Elizabeth Harbour

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Elizabeth Harbour is a 7.5 by 1 nautical mile body of water stretching from Conch Cay to Fowl Cay.  Well protected from ravages of the sea, hundreds of cruisers anchor in powder sand.  With a busy town and amenities close by, many stay year round.
The inner shores have many beaches of pure white sand.
Here, Chris Milan-Williams of S/V Airagone Strider, walks the point toward Conch Cay.
As you can see, you have most beaches all to yourself.
Where the ocean wrecks havoc on the land, the ground is ripped asunder by the relentless pounding of the surf.
This is not a shore for barefoot explorers.
Even in mild winds, the surf explodes through gullies carved in the soft limestone rock.
Offshore reefs cause sudden unexpected surges that race hundreds of feet up the shoreline.
One minute you're perfectly safe, then ...
Gone !!!
Just kidding - Chris actually survived, albeit a little damp.
This is a mildly windy day. You should see the show here when Mother Nature decides to ratchet the winds to 40+ knots.
Randy Milan-Williams, who had taken the preceding photos, was posed beside this rock formation by Chris.  I'm not sure about the phallic symbolism here.  What the heck, it's their picture!
S/V Airagone Strider at anchor off the Monument.
In reciprocation for a visit to their boat, Randy and Chris visited ours for dinner.  After sampling Jan's Bouillabaisse and quaffing Margaritas the liquors came out.
In Chris' humble opinion, flaming Sambuca goes perfectly well
with Cherry Cheesecake.
Somewhere around midnight, Long passed out.
This summer has had its mishaps.  Here a pair of boats got too close to shore as the tide went out.  No damage, but some bruised egos for certain.
This professionally crewed M/V dragged down on us in a squall.  Its crew jumped over the side to check our anchor.  They concluded that ours was not in sight, whereas theirs was clearly visible on the bottom. Naturally, we had dragged up to them !!
Same M/V 20 minutes later nearly sideswipes another boat.  Professional crew shortens scope by hand to swing by the bow. Once past, lets out the rope again, same insufficient length as before. Proceeds to drift down the channel for an hour.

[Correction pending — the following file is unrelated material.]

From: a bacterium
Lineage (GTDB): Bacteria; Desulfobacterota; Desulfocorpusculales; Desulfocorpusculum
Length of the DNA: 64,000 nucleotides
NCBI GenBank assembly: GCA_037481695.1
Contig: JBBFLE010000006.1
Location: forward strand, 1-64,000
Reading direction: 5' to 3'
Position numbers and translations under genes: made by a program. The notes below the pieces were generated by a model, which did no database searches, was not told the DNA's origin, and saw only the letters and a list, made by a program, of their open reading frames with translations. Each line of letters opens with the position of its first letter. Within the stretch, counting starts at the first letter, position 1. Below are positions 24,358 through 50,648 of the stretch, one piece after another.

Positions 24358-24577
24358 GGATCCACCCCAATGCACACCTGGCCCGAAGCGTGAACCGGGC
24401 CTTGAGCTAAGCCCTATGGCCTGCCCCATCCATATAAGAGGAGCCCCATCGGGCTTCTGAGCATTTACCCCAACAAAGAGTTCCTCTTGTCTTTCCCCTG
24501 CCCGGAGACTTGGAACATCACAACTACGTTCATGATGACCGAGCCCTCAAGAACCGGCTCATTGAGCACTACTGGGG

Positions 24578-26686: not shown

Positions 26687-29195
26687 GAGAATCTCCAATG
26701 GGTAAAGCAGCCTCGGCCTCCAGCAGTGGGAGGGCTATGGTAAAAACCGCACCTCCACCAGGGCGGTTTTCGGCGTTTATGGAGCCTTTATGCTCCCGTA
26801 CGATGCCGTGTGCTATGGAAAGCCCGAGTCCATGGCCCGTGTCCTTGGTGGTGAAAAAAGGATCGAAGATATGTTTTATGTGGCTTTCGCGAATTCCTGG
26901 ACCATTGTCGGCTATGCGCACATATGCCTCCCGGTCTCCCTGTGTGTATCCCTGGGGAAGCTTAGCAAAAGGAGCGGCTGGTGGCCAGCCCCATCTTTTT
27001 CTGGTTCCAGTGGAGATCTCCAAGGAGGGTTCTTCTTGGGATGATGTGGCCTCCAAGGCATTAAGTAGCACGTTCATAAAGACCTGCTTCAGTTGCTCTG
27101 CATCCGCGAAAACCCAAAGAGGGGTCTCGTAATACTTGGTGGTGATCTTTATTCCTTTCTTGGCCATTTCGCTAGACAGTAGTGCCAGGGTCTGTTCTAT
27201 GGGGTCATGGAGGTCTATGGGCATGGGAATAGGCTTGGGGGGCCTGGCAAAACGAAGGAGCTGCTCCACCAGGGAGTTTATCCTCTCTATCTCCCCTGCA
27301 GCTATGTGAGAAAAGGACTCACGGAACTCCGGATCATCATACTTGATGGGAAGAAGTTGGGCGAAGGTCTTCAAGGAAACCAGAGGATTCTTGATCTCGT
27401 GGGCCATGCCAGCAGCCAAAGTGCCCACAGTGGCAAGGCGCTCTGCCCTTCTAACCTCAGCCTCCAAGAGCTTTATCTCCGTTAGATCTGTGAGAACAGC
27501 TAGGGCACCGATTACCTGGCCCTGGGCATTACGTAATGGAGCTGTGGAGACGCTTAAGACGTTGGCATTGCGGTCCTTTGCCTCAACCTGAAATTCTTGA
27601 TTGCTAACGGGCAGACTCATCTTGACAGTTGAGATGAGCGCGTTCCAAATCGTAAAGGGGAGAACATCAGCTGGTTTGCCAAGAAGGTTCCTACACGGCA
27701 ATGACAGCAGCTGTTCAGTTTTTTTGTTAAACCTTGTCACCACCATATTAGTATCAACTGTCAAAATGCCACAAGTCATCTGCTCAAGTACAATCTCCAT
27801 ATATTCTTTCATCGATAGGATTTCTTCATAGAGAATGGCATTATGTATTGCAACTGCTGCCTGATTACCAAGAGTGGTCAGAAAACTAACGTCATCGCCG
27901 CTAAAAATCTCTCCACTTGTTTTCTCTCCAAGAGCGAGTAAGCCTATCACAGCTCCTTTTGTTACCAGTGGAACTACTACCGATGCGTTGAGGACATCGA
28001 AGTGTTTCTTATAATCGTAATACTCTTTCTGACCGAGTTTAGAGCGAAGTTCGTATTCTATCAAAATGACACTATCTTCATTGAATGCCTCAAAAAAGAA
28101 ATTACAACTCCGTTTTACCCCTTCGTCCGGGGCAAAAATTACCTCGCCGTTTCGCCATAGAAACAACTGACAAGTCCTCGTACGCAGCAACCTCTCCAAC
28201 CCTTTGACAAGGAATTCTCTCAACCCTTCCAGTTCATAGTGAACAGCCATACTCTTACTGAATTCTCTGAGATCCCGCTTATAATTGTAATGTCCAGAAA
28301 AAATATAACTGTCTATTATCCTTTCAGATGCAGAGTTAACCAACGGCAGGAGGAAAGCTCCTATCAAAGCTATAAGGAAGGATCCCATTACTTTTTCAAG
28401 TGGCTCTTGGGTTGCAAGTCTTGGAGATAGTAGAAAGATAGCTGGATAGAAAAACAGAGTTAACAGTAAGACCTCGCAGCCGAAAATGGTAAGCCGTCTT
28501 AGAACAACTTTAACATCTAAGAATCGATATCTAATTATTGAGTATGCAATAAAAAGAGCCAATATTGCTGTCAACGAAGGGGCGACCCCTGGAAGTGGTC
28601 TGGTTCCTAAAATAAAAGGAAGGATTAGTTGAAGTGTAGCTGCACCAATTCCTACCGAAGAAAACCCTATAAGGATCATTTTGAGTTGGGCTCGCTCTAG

We rode out the hurricanes in Hole 3.
One big concern was this fishing boat swinging wildly in the high winds.  Luckily at the height of the storm, they were behind us.
We were lashed to a mooring secured by a cement filled engine block and two sand screws.  We also placed three anchors in a triangle for additional holding.  We only saw 65 knots of wind, but that was enough.
With all the flying salt spray and darkness, we could not take pictures of the storm.  We hunkered down for the duration, tending lines and adjusting rode; however, some of us  just went to bed.
Here Bill and Debbie from M/V Marika drop off hand-painted sand-dollars to be sold to support the local Humane Society.
These porpoises visit quite regularly to see what little fishes are living under our boat.  It's a real delight to see them rocket around gathering up dinner.
Speaking of dinner, did we mention the beach parties?
In the evenings, it can get very cool on the beach.
Naturally, it is a prerequisite to fortify oneself in these freezing conditions.
Everyone brings in food and munchies to share.  The kid's love to roast hotdogs and marshmallows over the bonfire.
Party.
Party.
Party animals.
The life of the party telling everyone to dinghy home safely.
A little cat called 'Islander' came down to share in the festivities.
Judie was so concerned for the cat's wellbeing that we nearly added it to our boat crew.
When Long heard about the possible adoption, he went in and sat on his tent house.  Apparently he was not prepared to share!
Next day, a gentle rain shower and beautiful rainbow helped lift our flagging spirits.  We decided that  'Islander' should remain Bahamian.